Unintentionally perhaps, Kamaras offers a brief, between-the-lines, sociocultural critique of Greek soccer’s evolution since 1980, when the sport turned fully professional. Aristeidês stopped playing in Panathênaikos’s green-and-white before that turning-point and belongs, therefore, to an earlier, heroic age of semi-professional ball. Aristeidês, in fact, was a member of the Panathênaikos team that dominated Greek soccer in the 1960s and became the first and only Greek team to reach a European Cup final in 1971. The young Kamaras, however, seriously immersed himself in fandom when the new professional era came into being (and when he realized that he had no future beyond high school as a player). At that moment, the Kamaras father-son relationship went through its rockiest stage, but recovered when old-fashioned Aristeidês’s loyalty to Panathênaikos ultimately prevailed over his alienation with the sport’s new reality.

Having watched soccer during the tail end of the older era (the book’s cover shows Kônstantinos on the field at a very young age), Kamaras contrasts the two eras with a couple of telling anecdotes. One involves a Panathênaikos player who scores and then, rather than running over to the fans, races to the VIP section and salutes the team owner — a sign, Kamaras speculates, of newly minted corporate loyalty. The other anecdote describes how the fans’ singing — a European soccer staple — turned into vulgar, sexually explicit taunting in the new professional order. Kamaras believes that this might have something to do with the fans’ feelings of alienation when “their” players do the unthinkable and join their team’s great rival when the money is right.

Kamaras chooses not to pursue these hypotheses, modestly disclaiming the expertise to do so and deploring the simplistic theories that others have applied to Greek soccer. Kamaras is absolutely right, of course: theories come cheap, soccer culture is a tricky topic, and, in any case, his is a different, Hornbian kind of book. By way of illustrating how difficult it is to analyze the relationship between soccer and society, for example, Kamaras criticizes the view that Panathênaikos is the club of the Athenian bourgeoisie, while its rival, Piraeus-based Olympiakos, is the team of “the people.” (The status of AEK-Athens and PAOK-Thessalonikê as “refugee” teams is more readily accepted because it corresponds to their post-Asia Minor Disaster origins.) Yet, inadvertently, Kamaras bolsters the “bourgeois Panathênaikos” label as his autobiographical account of his obsession with Panathênaikos is set against the backdrop of growing up in the wealthy Athens suburb of Psychiko, attending Athens College (an elite private school), playing a lot of tennis, studying abroad, learning to appreciate good wine, and vacationing in Mykonos. No one with such a social background and set of sophisticated tastes could write so evocatively, and persuasively, about being anything other than a diehard Panathênaikos fan.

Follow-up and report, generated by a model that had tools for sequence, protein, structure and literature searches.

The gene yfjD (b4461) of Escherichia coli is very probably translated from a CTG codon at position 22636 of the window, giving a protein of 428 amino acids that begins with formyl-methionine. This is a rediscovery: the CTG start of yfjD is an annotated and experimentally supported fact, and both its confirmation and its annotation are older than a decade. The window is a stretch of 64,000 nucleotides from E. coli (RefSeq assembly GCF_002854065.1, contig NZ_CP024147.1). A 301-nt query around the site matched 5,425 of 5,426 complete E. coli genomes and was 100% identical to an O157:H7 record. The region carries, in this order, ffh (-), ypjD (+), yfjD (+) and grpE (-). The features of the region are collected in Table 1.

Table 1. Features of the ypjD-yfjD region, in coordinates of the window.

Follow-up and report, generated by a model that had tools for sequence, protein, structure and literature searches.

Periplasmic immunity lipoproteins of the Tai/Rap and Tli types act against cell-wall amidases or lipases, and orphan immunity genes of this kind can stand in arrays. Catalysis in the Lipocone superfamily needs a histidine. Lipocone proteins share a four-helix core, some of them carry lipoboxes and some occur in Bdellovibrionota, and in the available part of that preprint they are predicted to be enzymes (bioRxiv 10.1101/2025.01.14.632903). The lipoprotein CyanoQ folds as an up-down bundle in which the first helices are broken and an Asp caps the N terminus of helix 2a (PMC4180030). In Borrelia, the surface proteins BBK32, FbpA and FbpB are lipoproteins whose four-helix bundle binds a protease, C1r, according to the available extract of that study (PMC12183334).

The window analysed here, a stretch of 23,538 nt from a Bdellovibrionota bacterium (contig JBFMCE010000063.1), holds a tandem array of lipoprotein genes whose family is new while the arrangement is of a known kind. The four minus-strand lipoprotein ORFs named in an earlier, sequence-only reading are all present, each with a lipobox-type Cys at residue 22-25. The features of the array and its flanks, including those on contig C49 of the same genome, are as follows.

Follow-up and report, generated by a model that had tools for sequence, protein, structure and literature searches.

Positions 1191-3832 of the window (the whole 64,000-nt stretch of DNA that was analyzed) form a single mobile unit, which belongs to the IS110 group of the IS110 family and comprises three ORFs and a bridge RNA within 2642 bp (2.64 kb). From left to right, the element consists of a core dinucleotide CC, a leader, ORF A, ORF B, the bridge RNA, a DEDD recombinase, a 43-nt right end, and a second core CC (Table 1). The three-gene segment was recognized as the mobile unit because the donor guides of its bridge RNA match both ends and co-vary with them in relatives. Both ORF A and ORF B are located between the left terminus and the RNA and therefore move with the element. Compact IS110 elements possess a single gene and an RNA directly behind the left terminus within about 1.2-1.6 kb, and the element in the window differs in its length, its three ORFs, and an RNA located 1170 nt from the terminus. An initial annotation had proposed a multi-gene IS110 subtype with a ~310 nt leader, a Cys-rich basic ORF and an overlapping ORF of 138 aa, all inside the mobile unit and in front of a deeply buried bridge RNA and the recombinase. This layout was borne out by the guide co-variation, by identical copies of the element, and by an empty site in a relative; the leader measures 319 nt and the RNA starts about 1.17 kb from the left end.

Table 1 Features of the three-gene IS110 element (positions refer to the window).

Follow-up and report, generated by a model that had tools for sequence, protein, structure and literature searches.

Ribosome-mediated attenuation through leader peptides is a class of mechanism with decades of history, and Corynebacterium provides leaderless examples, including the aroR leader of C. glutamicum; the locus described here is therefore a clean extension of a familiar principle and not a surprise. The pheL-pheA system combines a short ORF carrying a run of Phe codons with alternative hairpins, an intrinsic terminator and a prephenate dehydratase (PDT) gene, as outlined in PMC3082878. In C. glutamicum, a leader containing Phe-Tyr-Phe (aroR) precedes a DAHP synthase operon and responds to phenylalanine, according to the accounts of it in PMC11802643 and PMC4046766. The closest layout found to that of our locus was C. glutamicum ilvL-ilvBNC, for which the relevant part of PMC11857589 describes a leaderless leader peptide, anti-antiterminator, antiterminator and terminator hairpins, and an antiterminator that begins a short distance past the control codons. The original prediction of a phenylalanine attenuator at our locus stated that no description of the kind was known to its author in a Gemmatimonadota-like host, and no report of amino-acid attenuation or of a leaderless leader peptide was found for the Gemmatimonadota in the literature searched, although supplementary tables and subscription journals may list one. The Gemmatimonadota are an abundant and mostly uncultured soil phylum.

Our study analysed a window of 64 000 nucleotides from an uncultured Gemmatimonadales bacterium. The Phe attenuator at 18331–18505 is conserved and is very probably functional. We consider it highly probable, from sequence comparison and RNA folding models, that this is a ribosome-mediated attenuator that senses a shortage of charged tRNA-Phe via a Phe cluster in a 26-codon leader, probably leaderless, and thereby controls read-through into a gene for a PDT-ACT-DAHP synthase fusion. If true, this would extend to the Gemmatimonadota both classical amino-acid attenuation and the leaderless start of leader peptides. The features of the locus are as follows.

Alexander Kitroeff teaches history at Haverford College and is a contributing editor to, which published his most recent book, Wrestling With the Ancients: Modern Greek Identity and the Olympics.